The fall is the most exciting time of year for Atlanta theater, and this fall has the added edge of the Alliance Theatre’s nomadic season while its main theater space undergoes a complete renovation.
ArtsATL theater critics Andrew Alexander and Jim Farmer recently sat down to discuss the shows they’re eager to see this season, trends in Atlanta theater and the prospect of more original works by Atlanta playwright extraordinaire Topher Payne and Decatur-born Lauren Gunderson.
Oh, and a modest little show called Hamilton is headed to town.
Andrew Alexander: Hi, Jim. Fall is on its way, bringing a new theater season with it. There are a lot of light-hearted, fun shows in the months ahead, but looking over the upcoming season’s offerings I’m also struck by how many theaters are putting on serious, hard-hitting, often politically relevant dramas, more than usual I think. It’s also a season that will be marked by the fact that the region’s most prominent and popular theater space will be shuttered. What are your thoughts about the season ahead? I’m especially curious to hear which shows you’re most looking forward to as the chill of fall approaches.
Jim Farmer: Hi there, Andrew. Wow — there are so many upcoming shows! I’m super excited about seeing Angels in America, both Part One and Part Two at Actor’s Express. It’s a long, sprawling, important piece of theater and a showcase for its cast. I have no idea who’s in it yet, but I still eagerly await it. Another biggie — the Broadway in America series will bring Lin-Manuel Miranda’s Hamilton to town next spring, and I hope it’s every bit as potent as I’ve heard. It should put a lot of butts in seats.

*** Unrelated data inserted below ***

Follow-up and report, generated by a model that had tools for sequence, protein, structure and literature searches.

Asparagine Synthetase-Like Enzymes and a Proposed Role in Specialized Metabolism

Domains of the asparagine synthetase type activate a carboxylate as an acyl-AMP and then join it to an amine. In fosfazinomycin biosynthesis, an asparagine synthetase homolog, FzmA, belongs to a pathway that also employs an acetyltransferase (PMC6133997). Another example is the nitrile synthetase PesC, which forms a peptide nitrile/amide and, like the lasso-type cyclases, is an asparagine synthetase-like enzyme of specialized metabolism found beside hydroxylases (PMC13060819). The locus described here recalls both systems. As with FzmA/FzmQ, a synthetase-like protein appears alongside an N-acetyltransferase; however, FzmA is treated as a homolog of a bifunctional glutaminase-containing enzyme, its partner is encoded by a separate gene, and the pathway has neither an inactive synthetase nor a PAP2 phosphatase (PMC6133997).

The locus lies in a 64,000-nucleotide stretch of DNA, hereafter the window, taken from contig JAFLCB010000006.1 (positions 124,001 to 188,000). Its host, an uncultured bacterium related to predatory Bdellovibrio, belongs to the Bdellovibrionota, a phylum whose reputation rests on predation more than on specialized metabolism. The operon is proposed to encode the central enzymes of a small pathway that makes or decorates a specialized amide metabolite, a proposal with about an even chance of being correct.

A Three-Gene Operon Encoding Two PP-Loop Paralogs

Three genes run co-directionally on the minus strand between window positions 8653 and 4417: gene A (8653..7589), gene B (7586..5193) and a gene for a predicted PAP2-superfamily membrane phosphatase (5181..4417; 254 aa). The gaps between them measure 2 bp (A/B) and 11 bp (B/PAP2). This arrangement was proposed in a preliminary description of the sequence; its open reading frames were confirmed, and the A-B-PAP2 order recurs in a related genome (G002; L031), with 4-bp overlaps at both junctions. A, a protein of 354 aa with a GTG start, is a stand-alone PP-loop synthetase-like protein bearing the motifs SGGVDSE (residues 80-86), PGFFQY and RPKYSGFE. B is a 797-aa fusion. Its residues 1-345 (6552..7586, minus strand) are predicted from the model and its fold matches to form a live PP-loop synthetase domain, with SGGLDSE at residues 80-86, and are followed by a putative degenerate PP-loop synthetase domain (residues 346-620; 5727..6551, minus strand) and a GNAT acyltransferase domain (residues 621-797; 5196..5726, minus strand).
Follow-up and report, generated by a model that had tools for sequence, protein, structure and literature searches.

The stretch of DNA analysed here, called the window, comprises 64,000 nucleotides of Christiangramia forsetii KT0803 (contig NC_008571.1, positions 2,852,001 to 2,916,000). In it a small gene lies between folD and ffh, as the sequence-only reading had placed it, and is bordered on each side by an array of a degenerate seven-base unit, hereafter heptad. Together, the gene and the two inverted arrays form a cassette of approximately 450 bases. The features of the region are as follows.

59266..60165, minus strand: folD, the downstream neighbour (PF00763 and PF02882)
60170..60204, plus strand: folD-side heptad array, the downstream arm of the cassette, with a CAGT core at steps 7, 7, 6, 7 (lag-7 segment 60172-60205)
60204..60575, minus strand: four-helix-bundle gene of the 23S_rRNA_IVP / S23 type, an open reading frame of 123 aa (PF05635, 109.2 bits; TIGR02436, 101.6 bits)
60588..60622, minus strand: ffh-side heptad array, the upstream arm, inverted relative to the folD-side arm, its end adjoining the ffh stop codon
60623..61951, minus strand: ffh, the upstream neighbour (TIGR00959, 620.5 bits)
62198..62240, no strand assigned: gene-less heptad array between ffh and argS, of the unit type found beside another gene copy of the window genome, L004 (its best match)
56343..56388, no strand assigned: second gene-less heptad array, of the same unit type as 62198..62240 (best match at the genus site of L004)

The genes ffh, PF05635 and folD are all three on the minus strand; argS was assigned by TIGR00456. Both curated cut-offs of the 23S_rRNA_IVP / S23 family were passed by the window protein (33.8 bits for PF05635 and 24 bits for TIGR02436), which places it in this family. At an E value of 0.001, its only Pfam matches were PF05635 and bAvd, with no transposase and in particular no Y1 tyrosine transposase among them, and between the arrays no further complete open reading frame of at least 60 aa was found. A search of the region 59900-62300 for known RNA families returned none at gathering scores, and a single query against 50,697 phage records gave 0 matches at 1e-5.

Alexander: Yep. Hamilton tickets will be pretty scarce. And I think Angels in America is bound to seem more timely than ever because it depicts what playwright Tony Kushner saw as a crucial turning point in American politics and culture, and we’re at another seismic shift now. Roy Cohn, who is a major character in the play, was Donald Trump’s mentor, so the play, almost unintentionally, offers terrifying insight into the philosophy and mindset that now occupy the White House.
Angels in America and Hamilton both set the bar pretty high as great picks, Jim. Way up there in my book is also Candide in the spring. I’m excited to see what the Alliance does with it. As I alluded to earlier, the Alliance Theatre’s permanent home at the Woodruff Arts Center will be undergoing major renovations this year, so artistic director Susan Booth has devised a season in which each play will be produced in a different venue in a different part of town. Candide is the big finale, on stage at Symphony Hall backed by the Atlanta Symphony Orchestra. Swoon. What do you make of the Alliance’s on-the-road season, and are there any play/venue pairings in it you think are especially enticing?
Farmer: I think it’s kind of exciting. A number of their road shows seems promising, but — I have to say — I think the pairing of the Alliance and Dad’s Garage, two polar opposite theaters, makes for really intriguing fare. The collaborative Hand to God seems like fun. The most produced play in regional theater for the 2016–17 season, it’s about a young man whose puppet takes on a surprise personality of its own.
The Alliance’s production of the romantic comedy Crossing Delancey, presented at the Marcus Jewish Community Center of Atlanta, is another one I will make a point to catch. Elsewhere, I look forward to Topher Payne’s new Morningside at Georgia Ensemble Theatre. It’s a world premiere comedy taking place in the Morningside area of town where three generations are brought together. It’s directed by Shannon Eubanks, and she and Payne tend to work in sync together. Payne’s Perfect Arrangement is also getting a staging at Theatrical Outfit next spring. And I will never be too jaded to enjoy Rent, which comes to town via the Broadway Across America tour as part of a 20th anniversary tour.
What else has you stoked?